The intent test described in Walther and further refined and applied in [United States v. Howard, 752 F.2d 220, 227 (6th Cir.), cert. denied, 472 U.S. 1029, 105 S. Ct. 3506, 87 L. Ed. 2d 636 (1985) ] thus recognizes that a party is subject to the fourth amendment only when he or she has formed the necessary intent to assist in the government's investigative or administrative functions; in other words, when he or she intends to engage in a search or seizure. However, under this test, the fourth amendment will not apply when the private party was acting for a reason that is independent of such a governmental purpose.
Attson, 900 F.2d at 1432-33 (emphasis added).
Not only does the record clearly contain evidence that the confidential informant was "acting for a reason that is independent of ... a governmental purpose," i.e., he was seeking to lessen the penalty of drug charges pending against himself, but the record contains no evidence whatsoever that the government ever requested the informant to investigate McAllister or offered him any reward for doing so or even discussed the subject of McAllister. In fact, the record is clear that the informant acted completely on his own initiative. And although, as the magistrate found, McAllister may have produced evidence tending to support his claim that the informant had lied to the police about the date on which he had seen the approximately fifty marijuana plants in milk containers in McAllister's attic, this in no way supports the defendant's claim that the informant was a government agent.
The only other evidence the defendant can point to in support of his argument that the confidential informant was a "police agent" are Detective Blakley's own statements. The record confirms that Blakley did write, both in his warrant affidavit and in his correspondence with the U.S. Attorney's office, that the informant had previously "assisted" him in the seizure of controlled substances while working at Blakley's "direction" in past investigations. Relying on this statement, we think it clear that Detective Blakley intended no more and no less than that MPD1022 was a reliable "tipster." The defendant's interpretation of the statement--that Detective Blakley was admitting to having directed the CI to physically assist him in the seizure of controlled substances--is unsupported by any evidence in the record. There is no reason to doubt that the "assistance" provided by MPD1022 was simply information of the sort CI's typically offer their police contacts.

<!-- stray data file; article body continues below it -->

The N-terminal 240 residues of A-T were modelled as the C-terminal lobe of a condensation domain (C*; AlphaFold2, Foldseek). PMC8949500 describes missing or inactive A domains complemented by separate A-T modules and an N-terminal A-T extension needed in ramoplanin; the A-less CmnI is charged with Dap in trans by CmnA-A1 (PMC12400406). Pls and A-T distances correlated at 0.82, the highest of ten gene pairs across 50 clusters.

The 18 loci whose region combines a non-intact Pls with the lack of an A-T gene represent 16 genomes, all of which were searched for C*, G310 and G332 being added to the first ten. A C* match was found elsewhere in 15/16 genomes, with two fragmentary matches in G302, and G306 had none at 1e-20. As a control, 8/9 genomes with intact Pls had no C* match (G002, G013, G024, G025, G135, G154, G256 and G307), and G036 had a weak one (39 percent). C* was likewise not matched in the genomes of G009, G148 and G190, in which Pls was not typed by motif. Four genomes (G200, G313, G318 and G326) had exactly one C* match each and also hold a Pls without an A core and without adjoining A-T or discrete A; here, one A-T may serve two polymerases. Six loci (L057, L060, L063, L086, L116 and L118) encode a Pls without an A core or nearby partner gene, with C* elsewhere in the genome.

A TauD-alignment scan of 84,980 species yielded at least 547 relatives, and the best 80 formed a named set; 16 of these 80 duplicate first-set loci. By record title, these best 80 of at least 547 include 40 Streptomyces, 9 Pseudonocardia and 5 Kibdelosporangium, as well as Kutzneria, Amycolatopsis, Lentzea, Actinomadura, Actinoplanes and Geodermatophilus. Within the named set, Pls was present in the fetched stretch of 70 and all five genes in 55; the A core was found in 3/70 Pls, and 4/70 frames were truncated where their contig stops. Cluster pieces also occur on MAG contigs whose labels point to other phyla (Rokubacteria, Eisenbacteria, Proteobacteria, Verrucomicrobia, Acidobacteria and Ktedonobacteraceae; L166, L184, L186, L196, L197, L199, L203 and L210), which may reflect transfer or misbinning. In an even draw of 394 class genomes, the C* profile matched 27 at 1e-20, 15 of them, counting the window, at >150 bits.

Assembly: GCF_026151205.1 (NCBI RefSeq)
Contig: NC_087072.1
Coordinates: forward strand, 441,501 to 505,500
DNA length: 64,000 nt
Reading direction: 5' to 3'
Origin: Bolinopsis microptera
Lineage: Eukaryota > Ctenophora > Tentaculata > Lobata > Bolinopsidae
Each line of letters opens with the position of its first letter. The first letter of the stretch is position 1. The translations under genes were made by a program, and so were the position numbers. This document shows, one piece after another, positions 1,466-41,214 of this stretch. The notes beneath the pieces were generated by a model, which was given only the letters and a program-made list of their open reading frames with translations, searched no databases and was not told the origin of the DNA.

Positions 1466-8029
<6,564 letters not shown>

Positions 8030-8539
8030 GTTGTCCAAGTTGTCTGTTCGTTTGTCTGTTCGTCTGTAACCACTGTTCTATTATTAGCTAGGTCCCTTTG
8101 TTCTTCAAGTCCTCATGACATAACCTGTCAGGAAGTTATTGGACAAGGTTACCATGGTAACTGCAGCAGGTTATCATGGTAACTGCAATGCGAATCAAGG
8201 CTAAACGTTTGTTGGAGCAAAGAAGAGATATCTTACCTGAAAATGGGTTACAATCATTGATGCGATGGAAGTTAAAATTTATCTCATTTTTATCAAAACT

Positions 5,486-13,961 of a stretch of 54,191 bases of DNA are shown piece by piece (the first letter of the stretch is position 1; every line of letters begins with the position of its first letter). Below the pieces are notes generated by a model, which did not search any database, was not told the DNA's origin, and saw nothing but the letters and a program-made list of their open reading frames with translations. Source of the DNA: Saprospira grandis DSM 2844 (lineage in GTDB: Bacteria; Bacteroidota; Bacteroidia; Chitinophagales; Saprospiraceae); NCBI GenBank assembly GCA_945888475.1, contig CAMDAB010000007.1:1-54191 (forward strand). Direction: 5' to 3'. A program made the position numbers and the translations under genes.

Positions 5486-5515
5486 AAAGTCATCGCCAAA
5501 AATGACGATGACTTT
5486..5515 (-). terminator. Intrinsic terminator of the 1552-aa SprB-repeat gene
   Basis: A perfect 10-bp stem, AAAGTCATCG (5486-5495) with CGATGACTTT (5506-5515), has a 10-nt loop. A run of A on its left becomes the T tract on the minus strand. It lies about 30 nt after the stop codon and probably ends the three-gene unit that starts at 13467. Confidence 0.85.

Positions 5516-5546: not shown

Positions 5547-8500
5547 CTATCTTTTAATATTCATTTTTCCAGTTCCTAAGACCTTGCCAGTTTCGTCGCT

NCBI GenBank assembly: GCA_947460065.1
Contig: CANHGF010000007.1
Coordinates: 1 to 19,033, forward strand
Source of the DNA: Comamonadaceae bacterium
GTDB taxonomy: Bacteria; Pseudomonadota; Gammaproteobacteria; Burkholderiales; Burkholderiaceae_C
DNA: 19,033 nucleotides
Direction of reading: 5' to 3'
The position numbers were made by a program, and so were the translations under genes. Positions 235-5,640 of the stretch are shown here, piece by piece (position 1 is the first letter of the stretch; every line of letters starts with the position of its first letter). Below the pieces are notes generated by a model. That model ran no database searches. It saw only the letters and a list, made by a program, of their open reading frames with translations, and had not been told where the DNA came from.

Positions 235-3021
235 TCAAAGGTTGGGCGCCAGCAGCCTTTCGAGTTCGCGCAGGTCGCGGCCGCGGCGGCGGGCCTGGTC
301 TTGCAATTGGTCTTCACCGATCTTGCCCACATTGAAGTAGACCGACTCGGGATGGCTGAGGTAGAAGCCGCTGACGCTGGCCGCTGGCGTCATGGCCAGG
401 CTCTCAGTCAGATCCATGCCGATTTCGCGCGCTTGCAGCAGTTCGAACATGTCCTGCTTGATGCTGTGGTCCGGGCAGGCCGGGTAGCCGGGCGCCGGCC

Although we are convinced that McAllister failed to make a substantial preliminary showing that confidential informant MPD1022 ever acted as a government agent in the past, we observe that even if such a showing had been made, the question remains whether the CI was acting as a government agent in this case. We agree with the magistrate judge that "neither the case law nor common sense supports the proposition that a C.I. [confidential informant] automatically obtains and retains an ongoing status as a law enforcement officer or a governmental agent for Franks purposes by virtue of past assistance to the police." Indeed, "it is every citizen's civic duty to do what he can to aid in the control and prevention of criminal activity." Koenig, 856 F.2d at 850.
Because McAllister failed to make a substantial preliminary showing that the CI was acting as a police agent when he provided Detective Blakley with information in this case, there is no basis in the record for concluding that the district court committed clear error in denying the defendant's motion for a Franks hearing. The judgment is
The Honorable James B. Zagel of the Northern District of Illinois, sitting by designation
To corroborate his claim of an illegal break-in, two of McAllister's friends submitted affidavits that they had observed the damage to his front door which the defendant attributed to the alleged May 1, 1992, break-in